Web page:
The beginning of any new year is a time for self-refection and resolutions. It is also a great time for a personal brand audit. Dust off your brand promise and objectively assess if you lived up to it or fell short. Evaluate if your promise is still relevant, competitive and authentic. And while you are at it, create a realistic, forward looking plan to improve your personal brand by either deepening or creating skills that enable you to even better deliver against your promise.
Start by changing your world view
Throughout my career, I have been advising people to adopt a self-branding mentality. I have found that understanding what you genuinely want to stand for (your brand promise) and taking control of your ability to deliver against that promise is empowering. It shifts the locus of control away from outside factors and puts you in control of your personal journey. My counsel is to view your job as a way to sharpen or create the skills necessary for sustained professional and personal success. This will require you to a) identify the 2 – 3 skills you want to really focus on in the upcoming year and b) determine how your current job and project assignments will give you the opportunity to develop in those areas.
In my opinion, the best way to start this process is to create a simple, but powerful chart. It may take you several iterations to get it to the point where you are genuinely comfortable with the choices you’ve made. But don’t lose patience, introspection is tough work.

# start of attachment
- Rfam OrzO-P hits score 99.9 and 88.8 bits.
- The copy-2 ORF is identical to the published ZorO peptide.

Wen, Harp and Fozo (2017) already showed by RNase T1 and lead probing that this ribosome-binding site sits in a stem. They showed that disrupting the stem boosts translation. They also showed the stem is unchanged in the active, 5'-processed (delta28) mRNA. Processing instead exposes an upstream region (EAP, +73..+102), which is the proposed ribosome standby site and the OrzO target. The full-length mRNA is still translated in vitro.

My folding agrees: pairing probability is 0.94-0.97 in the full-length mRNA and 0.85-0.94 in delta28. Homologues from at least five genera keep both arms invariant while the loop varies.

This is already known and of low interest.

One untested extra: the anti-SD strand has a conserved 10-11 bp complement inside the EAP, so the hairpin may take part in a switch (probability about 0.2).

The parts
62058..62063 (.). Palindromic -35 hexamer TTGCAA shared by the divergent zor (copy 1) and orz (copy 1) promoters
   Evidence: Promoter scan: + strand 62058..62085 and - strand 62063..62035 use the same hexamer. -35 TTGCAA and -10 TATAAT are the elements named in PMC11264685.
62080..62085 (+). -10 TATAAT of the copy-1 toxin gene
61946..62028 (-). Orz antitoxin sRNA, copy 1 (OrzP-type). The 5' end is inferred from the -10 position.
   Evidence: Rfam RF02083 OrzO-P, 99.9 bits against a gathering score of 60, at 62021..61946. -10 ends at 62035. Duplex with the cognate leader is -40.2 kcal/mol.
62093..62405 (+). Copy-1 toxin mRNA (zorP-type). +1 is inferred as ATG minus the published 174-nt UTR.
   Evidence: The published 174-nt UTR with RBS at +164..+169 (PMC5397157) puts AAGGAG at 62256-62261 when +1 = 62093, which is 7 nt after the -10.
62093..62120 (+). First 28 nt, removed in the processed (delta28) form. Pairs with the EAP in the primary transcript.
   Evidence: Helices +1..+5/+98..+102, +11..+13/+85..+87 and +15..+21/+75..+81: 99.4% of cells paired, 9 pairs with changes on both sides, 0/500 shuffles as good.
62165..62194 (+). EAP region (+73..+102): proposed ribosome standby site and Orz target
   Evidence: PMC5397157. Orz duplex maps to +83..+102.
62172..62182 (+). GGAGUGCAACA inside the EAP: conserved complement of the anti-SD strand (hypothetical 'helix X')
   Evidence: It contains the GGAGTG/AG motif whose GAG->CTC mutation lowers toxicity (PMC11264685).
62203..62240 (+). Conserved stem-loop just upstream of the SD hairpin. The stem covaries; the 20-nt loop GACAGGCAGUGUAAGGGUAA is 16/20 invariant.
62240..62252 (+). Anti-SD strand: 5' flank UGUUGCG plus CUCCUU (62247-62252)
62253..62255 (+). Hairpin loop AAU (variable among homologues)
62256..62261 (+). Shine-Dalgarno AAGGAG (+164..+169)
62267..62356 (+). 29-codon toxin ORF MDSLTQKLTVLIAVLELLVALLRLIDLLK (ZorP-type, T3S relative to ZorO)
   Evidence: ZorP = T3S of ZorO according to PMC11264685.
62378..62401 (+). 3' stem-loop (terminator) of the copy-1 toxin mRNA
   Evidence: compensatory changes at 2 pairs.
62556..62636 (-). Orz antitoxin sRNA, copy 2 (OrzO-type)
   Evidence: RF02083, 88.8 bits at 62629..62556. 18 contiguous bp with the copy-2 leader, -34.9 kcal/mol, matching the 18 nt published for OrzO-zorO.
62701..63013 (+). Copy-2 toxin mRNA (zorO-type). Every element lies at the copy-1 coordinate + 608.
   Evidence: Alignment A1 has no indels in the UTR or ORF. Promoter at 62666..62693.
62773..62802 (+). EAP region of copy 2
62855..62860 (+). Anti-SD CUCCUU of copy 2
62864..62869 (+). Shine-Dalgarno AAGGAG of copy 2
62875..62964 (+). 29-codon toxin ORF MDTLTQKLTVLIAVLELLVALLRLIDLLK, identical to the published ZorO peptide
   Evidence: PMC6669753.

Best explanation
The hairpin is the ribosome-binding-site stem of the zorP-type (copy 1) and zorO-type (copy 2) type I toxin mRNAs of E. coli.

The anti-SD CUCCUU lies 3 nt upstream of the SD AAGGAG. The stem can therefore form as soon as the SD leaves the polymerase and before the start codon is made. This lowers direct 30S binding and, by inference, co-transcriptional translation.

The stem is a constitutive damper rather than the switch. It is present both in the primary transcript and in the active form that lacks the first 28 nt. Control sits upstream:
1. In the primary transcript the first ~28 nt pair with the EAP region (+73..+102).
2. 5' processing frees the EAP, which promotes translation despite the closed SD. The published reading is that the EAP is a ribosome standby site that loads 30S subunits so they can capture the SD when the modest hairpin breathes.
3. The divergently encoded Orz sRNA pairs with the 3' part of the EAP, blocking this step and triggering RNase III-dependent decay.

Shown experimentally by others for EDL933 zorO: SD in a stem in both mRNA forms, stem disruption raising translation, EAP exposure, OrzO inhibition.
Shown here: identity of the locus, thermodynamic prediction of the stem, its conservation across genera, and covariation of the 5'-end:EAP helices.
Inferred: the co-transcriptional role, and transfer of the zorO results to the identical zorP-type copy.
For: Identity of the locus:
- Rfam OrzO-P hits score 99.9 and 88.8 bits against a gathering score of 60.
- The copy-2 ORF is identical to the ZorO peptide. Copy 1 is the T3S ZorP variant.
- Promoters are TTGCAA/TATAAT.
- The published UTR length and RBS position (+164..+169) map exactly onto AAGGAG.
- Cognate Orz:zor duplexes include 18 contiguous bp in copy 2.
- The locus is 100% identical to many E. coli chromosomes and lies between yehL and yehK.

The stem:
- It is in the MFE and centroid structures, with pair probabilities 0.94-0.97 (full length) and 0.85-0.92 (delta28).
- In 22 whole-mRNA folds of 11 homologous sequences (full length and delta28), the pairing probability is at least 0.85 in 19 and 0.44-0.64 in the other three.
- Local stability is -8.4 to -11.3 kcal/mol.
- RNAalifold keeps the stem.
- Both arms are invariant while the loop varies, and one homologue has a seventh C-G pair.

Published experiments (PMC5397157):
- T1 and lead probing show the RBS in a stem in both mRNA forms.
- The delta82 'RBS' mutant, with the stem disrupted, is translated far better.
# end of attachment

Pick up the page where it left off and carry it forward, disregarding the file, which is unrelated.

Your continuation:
Does creating a chart really make a difference?
Understanding what you want/need to learn is the starting point. Often, it also takes a genuine paradigm shift for the exercise to be successful.
- Take your assigned projects and determine which of the skills each will help you improve. For example, if you are managing the direct mail campaign for your brand it is possible for you to sharpen your project management, financial management, time management, communication skills, copy development skills, negotiating skills, or strategic planning skills (just to name a select few).